Caesar Young was enslaved by the Duke Family at Sunnyside. Following the Civil War, Young continued to work for the Duke Family as a gardener and barbeque pit master on the site of the modern-day Law School. He rose to local fame for his barbeque, feeding UVA alumni for decades during reunion weekends.
Caesar Young was born into slavery around 1854 to a woman named Maria, enslaved by R.T.W. Duke Sr. of Charlottesville. Maria labored as a housemaid for the Duke family.  According to Maria, Caesar’s father was John Yates Beal, a student at the University who was later hanged in New York City as a Confederate spy. Between 1858 and 1859, Duke Sr. sold Maria on grounds that she had become "so bad." Maria later wrote to the Duke family inquiring about Young.
Young was eventually enslaved by Duke Jr., although it is unclear when this transaction from father to son took place. In his “Recollections,” Duke Jr. claimed, “Caesar was given to me—the only human chattel I ever owned.” Young was one year older than Duke Jr., and served as his playmate throughout his childhood at Sunnyside.
As children, Young and Duke Jr. also played with Duke Jr.’s siblings, the children of Mr. Anderson (the overseer of the Albemarle Poor House, at Sunnyside), and a boy whom Mr. Anderson enslaved named Tom. Duke Jr.’s multiple anecdotes of their childhood games, provide a glimpse, albeit biased and exclusive to Duke Jr., into Caesar’s treatment at Sunnyside. Caesar and Duke Jr. often fought as children—“the roll and tumble fights of small boys”— and Caesar was “never punished for ‘striking back.’” However, he was “never allowed to be impudent or to strike the first blow.” No written record exists of Young’s thoughts on his enslavement.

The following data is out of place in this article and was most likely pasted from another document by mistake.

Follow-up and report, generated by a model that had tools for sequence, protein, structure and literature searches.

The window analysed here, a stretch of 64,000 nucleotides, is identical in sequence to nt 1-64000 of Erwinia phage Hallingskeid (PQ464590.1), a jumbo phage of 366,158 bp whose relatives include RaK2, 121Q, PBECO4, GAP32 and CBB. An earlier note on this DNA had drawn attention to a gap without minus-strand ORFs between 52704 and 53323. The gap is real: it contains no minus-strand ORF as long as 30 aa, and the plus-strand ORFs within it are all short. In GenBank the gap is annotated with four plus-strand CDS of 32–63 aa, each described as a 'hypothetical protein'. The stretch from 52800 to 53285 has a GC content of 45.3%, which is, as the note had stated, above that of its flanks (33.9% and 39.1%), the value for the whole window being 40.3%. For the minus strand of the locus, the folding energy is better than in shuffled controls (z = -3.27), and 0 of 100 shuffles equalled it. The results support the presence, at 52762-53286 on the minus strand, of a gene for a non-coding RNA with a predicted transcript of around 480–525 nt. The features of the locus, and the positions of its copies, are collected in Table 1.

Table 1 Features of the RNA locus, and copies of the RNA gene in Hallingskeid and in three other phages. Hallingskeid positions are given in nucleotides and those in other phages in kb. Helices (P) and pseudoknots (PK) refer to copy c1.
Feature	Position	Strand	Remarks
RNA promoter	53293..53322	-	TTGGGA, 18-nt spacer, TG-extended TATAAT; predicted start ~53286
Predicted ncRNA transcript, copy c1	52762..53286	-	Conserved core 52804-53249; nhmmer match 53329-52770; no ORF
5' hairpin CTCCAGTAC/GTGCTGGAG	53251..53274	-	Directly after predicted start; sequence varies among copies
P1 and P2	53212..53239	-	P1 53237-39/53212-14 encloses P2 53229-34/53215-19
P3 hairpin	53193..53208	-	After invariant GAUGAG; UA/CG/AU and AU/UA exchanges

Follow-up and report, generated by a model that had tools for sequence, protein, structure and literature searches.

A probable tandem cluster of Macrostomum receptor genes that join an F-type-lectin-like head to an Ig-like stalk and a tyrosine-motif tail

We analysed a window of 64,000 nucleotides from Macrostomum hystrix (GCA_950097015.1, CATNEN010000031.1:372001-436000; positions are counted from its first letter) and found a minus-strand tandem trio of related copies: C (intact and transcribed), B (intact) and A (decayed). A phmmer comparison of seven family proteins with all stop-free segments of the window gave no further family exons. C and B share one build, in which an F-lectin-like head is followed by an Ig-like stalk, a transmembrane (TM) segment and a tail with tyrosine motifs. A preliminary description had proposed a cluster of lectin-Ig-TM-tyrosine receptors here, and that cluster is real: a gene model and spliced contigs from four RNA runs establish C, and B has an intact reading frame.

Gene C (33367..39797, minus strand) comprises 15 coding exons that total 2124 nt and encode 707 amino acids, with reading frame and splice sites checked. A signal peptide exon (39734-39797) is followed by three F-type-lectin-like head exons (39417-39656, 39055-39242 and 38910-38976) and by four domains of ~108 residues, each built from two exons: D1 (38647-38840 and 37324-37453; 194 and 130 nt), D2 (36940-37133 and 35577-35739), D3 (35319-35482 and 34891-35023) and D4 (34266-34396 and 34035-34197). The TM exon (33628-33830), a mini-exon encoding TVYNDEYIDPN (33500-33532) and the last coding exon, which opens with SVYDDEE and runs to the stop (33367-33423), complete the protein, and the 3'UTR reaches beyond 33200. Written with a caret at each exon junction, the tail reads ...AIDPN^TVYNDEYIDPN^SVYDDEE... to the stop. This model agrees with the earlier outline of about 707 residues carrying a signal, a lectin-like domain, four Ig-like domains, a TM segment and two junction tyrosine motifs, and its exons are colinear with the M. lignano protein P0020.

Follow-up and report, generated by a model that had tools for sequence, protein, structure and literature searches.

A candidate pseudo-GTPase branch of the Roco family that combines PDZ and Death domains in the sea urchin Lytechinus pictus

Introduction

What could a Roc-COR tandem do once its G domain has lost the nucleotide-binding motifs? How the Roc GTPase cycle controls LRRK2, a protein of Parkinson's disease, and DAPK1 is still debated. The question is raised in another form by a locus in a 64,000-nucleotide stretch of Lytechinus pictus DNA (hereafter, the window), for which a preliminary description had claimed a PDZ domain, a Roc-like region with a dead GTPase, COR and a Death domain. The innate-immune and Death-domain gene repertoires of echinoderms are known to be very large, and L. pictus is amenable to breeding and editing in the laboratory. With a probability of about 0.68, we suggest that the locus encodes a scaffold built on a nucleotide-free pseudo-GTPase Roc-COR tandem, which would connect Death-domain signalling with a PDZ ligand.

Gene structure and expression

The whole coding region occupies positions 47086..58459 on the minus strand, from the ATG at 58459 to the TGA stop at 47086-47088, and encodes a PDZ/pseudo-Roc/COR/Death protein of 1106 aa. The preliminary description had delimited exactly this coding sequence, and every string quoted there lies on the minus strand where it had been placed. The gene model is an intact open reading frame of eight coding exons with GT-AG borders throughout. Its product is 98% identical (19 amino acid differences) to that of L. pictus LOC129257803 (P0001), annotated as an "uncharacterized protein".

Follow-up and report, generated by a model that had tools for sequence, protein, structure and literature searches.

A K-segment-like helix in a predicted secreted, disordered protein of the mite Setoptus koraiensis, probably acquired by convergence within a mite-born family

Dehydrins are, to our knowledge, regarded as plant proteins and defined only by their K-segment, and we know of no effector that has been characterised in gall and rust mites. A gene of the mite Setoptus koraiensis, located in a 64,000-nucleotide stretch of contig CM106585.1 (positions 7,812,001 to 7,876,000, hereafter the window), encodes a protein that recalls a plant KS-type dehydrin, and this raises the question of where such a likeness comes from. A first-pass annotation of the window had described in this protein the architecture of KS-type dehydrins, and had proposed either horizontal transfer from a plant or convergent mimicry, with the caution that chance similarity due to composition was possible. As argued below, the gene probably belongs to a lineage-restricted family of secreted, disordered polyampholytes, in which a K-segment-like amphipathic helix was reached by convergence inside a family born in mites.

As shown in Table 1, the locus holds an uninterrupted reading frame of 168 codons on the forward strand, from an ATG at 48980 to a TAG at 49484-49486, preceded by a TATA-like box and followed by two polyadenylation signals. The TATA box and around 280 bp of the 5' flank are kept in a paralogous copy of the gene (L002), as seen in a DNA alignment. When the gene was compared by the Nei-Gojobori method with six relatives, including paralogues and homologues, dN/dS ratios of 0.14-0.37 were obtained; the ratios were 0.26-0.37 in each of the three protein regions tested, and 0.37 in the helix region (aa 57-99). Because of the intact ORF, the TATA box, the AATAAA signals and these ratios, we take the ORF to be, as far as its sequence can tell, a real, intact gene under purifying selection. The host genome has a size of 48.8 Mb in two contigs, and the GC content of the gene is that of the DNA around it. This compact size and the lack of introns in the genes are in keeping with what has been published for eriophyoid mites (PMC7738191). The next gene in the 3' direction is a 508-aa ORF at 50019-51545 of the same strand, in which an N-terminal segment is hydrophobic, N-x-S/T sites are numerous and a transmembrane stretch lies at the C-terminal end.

When the Union Army arrived in Charlottesville on March 3, 1865, Duke Jr. and Young were about ten years old. They heard the “martial music” coming from University Road, likely present-day Ivy Road. Young, Duke Jr., Jane (the enslaved cook), and an unnamed enslaved person ran from Sunnyside to a hill overlooking the road to watch. Duke Jr. recalled that “a long blue line of horsemen filled it as far as we could see.”
At the war's end, Young remained at Sunnyside and worked for the Duke family for wages. It is possible Caesar worked for Duke Jr. when Duke enrolled at the University of Virginia in 1870. From 1888 to 1898, Duke Jr. recalled that Young also worked as R.T.W. Duke’s gardener at Sunnyside. By Duke Sr.’s death in 1898, Caesar was the only “old family servant with us.”
Between 1873 and 1876, Duke Sr. revitalized the traditional Virginia barbeque in the area by forming the Cold Spring Barbeque Club. The club was comprised of dozens of prominent white men in the area, including Duke Jr., and its frequent meetings took place at a designated pit on Sunnyside property. Formerly enslaved men and women worked as chefs, preparing Brunswick stew and barbequed lamb and pig as was done before the Civil War. At some point, Young must have learned how to barbeque under these chefs, because he later became known as a master of the craft. In 1921, during UVA’s Centennial Celebration, Young was one of the head chefs at the Centennial barbeque behind the modern-day McCormick Road dormitories.
In 1920, Young lived on Georgetown Road in Albemarle County, a common place for freed Black people to settle in the Charlottesville area after the Civil War. He was married to a woman named Emma Young and had five children: Saint (34), Channing (21), Clara (21), Cora (16), and Emma (13).
Ten years later, Young was 75 and lived with his son, Saint. He died in 1935 on Christmas Eve at age 81. Before Young’s death, Duke Jr. wrote of his legacy, “when Caesar goes, as far as Albemarle is concerned the ‘barbeque’ will practically go out of existence.”
 Recollections, 1:21.
 Ibid., 1:22.
 Ibid., 1:23.
 Ibid., 1:135.
 Ibid., 1:139.
 Ibid., 1:207.
 Ibid., 1:165.
 Ibid., 1:154.
 Ibid., 1:214.
 Recollections, 3:157.
 Ibid., 1:24.
 “Barbeque Specialists Prepare for Big Centennial Event,” University of Virginia Alumni News, April 1921.
 Joseph R. Hayne’s Virginia Barbeque: A History (The History Press: 2016), pp. 172-174.
 Recollections, 4:4.